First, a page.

T.S. Eliot once said “I have measured out my life with coffee spoons,” and I certainly feel like that about my writing career (although unlike Eliot, I see this as a positive thing!) This rich, chestnut-coloured liquid (I take mine straight) has fuelled bursts of inspiration and helped settled my nerves after a rejection. And it always accompanies a baked treat if there is cause for celebration. Like nothing else (okay, apart from my husband and kids) coffee has been a steadying influence along the rollercoaster journey of becoming a published author. It’s a big part of my writing life and inspired my next novel out in May, The New Beginnings Coffee Club. Hands up, I’ve conducted something of a love affair with this drink, for many years now. As have many writers. Legend has it that Lee Child drinks 30 cups of the black stuff, every day!
So is it the caffeine that attracts me? No – purists brace yourselves, but I only drink decaff. Yet decaffeinated coffee has come a long way in the last five years, with restaurants and cafes going the extra mile and installing machines that will produce it, instead of offering only instant. I don’t get that chemical hit. So what’s the attraction? For me its the flavour, its richness, the warmth. I always drink coffee with a biscuit or cake. So no doubt my hit is from that sugar. Nothing keeps me at my desk like an large Americano and slice of cake like the banana loaf below. Just the smoky, roasted aroma makes me feel settled and ready to put finger to keyboard. Perhaps this was why playwright John van Druten said “I think if I were a woman I’d wear coffee as a perfume.”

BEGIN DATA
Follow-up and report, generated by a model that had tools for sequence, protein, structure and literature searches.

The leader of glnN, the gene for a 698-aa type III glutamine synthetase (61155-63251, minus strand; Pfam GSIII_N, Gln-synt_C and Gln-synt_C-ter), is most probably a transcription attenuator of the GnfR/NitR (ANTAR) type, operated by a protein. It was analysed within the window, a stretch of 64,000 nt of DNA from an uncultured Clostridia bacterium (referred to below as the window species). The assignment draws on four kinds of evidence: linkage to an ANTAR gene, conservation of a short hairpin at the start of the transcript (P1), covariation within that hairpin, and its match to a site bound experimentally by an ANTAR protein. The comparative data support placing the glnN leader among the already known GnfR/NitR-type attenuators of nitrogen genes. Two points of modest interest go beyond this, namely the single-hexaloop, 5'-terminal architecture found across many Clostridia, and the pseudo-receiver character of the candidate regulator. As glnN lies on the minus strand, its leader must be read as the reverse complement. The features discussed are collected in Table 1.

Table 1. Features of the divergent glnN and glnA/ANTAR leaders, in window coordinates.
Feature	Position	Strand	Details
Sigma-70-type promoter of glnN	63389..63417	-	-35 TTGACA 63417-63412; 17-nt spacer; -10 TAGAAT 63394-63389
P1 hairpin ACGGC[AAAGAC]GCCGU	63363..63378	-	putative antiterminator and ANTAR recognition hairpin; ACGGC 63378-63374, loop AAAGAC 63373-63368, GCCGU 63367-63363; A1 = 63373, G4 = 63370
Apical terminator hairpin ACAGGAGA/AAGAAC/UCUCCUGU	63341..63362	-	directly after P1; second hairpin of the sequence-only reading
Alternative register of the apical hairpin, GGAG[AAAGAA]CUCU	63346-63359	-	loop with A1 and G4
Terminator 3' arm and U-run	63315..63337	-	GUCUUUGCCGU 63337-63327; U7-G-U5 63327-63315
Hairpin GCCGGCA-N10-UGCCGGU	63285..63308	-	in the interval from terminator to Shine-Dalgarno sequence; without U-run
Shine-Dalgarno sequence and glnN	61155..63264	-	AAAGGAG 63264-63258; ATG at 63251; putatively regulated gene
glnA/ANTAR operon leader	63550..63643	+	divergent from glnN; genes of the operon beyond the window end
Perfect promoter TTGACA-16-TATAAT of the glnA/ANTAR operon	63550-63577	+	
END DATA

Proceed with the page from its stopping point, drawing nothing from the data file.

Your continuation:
Having said that, we’ve all, at some point, drunk a bad cup – yet still finish it, even draining the dregs. And I think author Edward Abbey summed up how I feel, when he said “Our culture runs on coffee and gasoline, the first often tasting like the second.” It’s as if my authorly brain sends out messages to consume, regardless of flavour, because it knows that beautiful liquid is a necessary creative tool!
At least five times a week I go into a coffee shop ( and I did work out the maths of how much that means I am spending in a year, and needed a lie-down afterwards!) This breaks the routine of my stay-at-home author job. Sometimes I meet friends, writerly or not. Often though, I just go on my own and spend the time planning out the next chapter of a book. A change of surroundings can be hugely inspiring. And, as explained in the picture below, going out for a coffee means so much more than just going into a shop.
Novelist Gertrude Stein certainly agreed that there is something special about the experience of drinking coffee:
“Coffee is a lot more than just a drink; it’s something happening. Not as in hip, but like an event, a place to be, but not like a location, but like somewhere within yourself. It gives you time, but not actual hours or minutes, but a chance to be, like be yourself, and have a second cup.”
I loved writing The New Beginnings Coffee Club, which is about a cafe, in a small village, that has a real community feel. Jenny Masters’ charmed existence comes crashing down around her ears. Can a little bit of caffeine really help her become the woman life always intended her to be?
This book features my most favourite character ever and if you love feel-good stories – and coffee – it’s up for preorder here.